Product Courtesy of Speedmatrix

Introduction

Mountain bikers have constantly been seeking a better mousetrap when it comes to tires. Different terrain and riding styles require different kinds of tires. However, due to cost constraints, not many riders are willing to try too many different tires in their search for their ‘perfect’ tire.

Schwalbe has created a 3-tire system, allowing 3 different types of tire to be chosen for any kind of riding conditions. Using the Racing Ralph, Furious Fred and Nobby Nic, the rider can select the best combination of front and rear tire for the best performance of grip and rolling resistance. Here is an excerpt from the Schwalbe website regarding how these systems are meant to be used.

The complete range – comprising the Racing Ralph, Furious Fred and Nobby Nic – now offer an ideal tire combination for every track, all weathers for both Cross Country and Marathon events. Selecting the correct combination of tires for front and rear wheel can increase total performance on grip and rolling resistance. Depending on how rough, or wet the course is, Schwalbe technician Markus Hachmeyer and Gerrit Gaastra, Schwalbe product advisor, recommends different combinations.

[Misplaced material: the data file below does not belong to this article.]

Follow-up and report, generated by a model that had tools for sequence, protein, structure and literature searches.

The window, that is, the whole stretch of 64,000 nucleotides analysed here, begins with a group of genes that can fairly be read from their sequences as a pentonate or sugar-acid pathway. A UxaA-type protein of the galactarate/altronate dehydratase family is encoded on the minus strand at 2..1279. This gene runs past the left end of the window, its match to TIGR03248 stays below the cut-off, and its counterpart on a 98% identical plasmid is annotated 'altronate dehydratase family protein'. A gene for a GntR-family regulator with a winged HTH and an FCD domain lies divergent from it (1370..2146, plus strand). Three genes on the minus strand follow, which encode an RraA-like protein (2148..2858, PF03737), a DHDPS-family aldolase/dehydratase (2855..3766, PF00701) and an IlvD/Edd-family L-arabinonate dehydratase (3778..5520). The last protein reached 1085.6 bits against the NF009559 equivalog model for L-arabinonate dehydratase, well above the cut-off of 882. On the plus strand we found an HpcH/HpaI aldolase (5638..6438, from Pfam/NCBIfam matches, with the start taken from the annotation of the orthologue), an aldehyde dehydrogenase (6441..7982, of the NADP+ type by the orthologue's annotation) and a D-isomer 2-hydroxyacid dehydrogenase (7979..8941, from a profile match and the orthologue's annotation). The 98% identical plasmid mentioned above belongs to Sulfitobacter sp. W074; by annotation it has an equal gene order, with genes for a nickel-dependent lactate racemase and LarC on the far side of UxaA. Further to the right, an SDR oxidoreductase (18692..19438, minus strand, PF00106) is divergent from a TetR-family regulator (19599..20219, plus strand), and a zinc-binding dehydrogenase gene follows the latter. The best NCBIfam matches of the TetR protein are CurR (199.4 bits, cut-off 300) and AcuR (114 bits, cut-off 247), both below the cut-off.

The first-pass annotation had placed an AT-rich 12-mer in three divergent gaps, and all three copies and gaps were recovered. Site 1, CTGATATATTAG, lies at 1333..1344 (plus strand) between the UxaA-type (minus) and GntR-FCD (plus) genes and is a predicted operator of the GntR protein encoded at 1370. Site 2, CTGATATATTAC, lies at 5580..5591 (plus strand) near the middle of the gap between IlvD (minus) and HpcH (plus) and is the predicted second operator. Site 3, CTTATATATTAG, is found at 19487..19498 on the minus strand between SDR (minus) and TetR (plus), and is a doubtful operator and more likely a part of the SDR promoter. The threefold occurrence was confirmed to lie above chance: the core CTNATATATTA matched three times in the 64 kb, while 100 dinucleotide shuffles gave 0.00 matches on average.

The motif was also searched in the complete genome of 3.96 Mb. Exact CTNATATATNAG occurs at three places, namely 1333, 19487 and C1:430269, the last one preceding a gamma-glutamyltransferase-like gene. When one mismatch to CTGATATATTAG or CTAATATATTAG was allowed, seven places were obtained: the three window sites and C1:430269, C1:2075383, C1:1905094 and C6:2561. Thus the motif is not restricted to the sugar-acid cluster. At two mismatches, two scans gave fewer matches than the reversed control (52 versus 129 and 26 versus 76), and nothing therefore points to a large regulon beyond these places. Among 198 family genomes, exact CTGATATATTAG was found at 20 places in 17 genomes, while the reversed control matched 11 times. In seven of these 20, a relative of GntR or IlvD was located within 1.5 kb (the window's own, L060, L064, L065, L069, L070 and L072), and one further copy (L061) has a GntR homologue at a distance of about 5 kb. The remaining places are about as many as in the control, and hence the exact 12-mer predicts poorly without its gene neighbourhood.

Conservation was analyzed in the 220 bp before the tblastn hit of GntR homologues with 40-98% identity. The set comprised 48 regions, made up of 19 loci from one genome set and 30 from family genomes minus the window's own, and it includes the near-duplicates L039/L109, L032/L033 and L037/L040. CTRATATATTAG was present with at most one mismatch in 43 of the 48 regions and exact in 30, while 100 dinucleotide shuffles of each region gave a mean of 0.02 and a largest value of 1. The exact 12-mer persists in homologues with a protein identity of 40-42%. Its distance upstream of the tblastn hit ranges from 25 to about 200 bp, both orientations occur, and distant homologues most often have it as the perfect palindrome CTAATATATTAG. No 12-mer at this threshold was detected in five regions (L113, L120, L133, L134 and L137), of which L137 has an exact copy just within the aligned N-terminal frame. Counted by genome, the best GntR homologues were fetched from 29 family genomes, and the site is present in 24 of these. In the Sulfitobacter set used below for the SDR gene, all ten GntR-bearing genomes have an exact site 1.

Where does the 3-Tire-System idea come from? 
Gerrit Gaastra: From motocross, where there are essentially three kinds of tire: slick, rain and intermediate tires for semi-dry tracks. We transferred this concept to MTB. Furious Fred with its light tread rolls fast and straight over dry tracks, the more sturdy Nobby Nic is the specialist for heavy, muddy terrain and Racing Ralph is the allrounder. In order to further improve performance, these tires can be combined.

For which conditions do you recommend combinations?